Review by Tatiana Miranda
Loosely based on director Matt Smuckler's niece's life, Wildflower is a coming-of-age story about a teenage girl as she figures out her future, all while trying to take care of her neurodivergent parents. In the vein of the award-winning film CODA, Wildflower attempts to showcase an underrepresented group, yet, unlike CODA, it falls a bit flat. Although it has a well-stacked cast, with Mad Men's Kiernan Shipka at the helm as teenager Bea, the film's writing and storytelling leave much to be desired.
Alongside Shipka are other familiar faces Charlie Plummer as Bea's boyfriend, Alexandra Daddario as her aunt Joy, and even rising star Ryan Liera Armstrong making an appearance as young Bea. With a cast full of familiar faces, it leads one to believe that there is some merit to this film. Unfortunately, this is not the case, as even the cast's acting chops could not save what is a lackluster and slightly offensive film.
The movie opens with a comatose Bea as her dysfunctional family crowds around her, each person dealing with their stress in their own unique and slightly comical way. Her grandmothers, Loretta and Peg, are opposite sides of the same coin, both fiercely loving their children (Bea's parents) but also harboring different perspectives on their identities and skillset. Bea's intense and overprotective aunt and uncle crowd around as well.
Then there are Bea's parents: Derek and Sharon. Through flashback sequences, it's revealed that Derek suffered a traumatic brain injury as a kid, subsequently never mentally maturing from that age. Meanwhile, Sharon was born developmentally challenged. This leaves Bea in a tricky situation as she prepares for college since she feels that she has to stay in order for her parents to survive. The movie gives a strong argument for this notion as well, with Sharon having gambling problems and Derek's inability to hold onto a job.
As she attempts to figure out what landed her in a coma, Bea showcases her life up until now via flashbacks. Because of this, there's a misleading air of mystery about the incident itself, which — spoiler alert — is quite disappointing. The inclusion of a social worker character who acts as a pseudo-detective also leads the audience to believe that there will be some big reveal at the end, but instead, it's just the case of a bad breakup mixed with the poor choices of a teenager.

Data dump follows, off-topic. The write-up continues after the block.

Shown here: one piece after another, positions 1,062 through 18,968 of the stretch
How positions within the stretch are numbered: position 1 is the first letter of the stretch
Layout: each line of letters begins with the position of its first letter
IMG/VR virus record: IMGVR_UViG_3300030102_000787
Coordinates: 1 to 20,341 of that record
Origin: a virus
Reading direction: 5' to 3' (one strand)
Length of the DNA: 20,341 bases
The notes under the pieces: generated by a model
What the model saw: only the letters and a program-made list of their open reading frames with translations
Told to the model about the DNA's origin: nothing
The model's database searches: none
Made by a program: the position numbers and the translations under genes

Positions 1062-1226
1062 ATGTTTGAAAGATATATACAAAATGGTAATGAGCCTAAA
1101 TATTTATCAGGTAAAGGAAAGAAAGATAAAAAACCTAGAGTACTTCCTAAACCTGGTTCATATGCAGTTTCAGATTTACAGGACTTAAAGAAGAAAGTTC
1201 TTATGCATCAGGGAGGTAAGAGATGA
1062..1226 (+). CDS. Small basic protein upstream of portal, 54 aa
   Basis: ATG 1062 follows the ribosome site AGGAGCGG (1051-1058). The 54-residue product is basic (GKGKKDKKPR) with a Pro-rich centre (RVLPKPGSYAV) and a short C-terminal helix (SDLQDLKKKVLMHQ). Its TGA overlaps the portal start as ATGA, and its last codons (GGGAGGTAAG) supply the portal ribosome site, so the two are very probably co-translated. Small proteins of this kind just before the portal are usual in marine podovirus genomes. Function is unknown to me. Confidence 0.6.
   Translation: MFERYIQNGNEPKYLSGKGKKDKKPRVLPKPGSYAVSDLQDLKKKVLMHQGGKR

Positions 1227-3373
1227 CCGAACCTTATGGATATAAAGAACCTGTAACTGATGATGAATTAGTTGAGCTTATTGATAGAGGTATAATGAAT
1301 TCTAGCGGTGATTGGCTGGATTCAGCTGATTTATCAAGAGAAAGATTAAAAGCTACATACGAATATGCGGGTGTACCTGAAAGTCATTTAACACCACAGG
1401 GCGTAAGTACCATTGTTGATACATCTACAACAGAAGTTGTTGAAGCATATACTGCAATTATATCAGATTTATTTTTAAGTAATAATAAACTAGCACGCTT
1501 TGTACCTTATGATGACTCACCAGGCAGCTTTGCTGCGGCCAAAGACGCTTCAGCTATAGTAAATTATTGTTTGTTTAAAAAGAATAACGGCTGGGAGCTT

Since Wildflower is primarily focused on Bea and her struggles growing up with neurodivergent parents, its portrayal of disabilities is fairly one-dimensional and slightly degrading, as Bea tends to blame a lot of her issues on her parents. Throughout the movie, she tells stories of her parents' overreliance, both monetarily and emotionally.
Although there is an attempt at a happy ending where Bea realizes that her parents don't really need her to survive, it falls flat as everything up until then shows the audience that they do, in fact, need her. Like most coming-of-age stories, Wildflower is cheesy and not the best narratively, but it does at least attempt to showcase a story that is highly underrepresented.
Wildflower opens in theaters March 17 and hits VOD on March 21.
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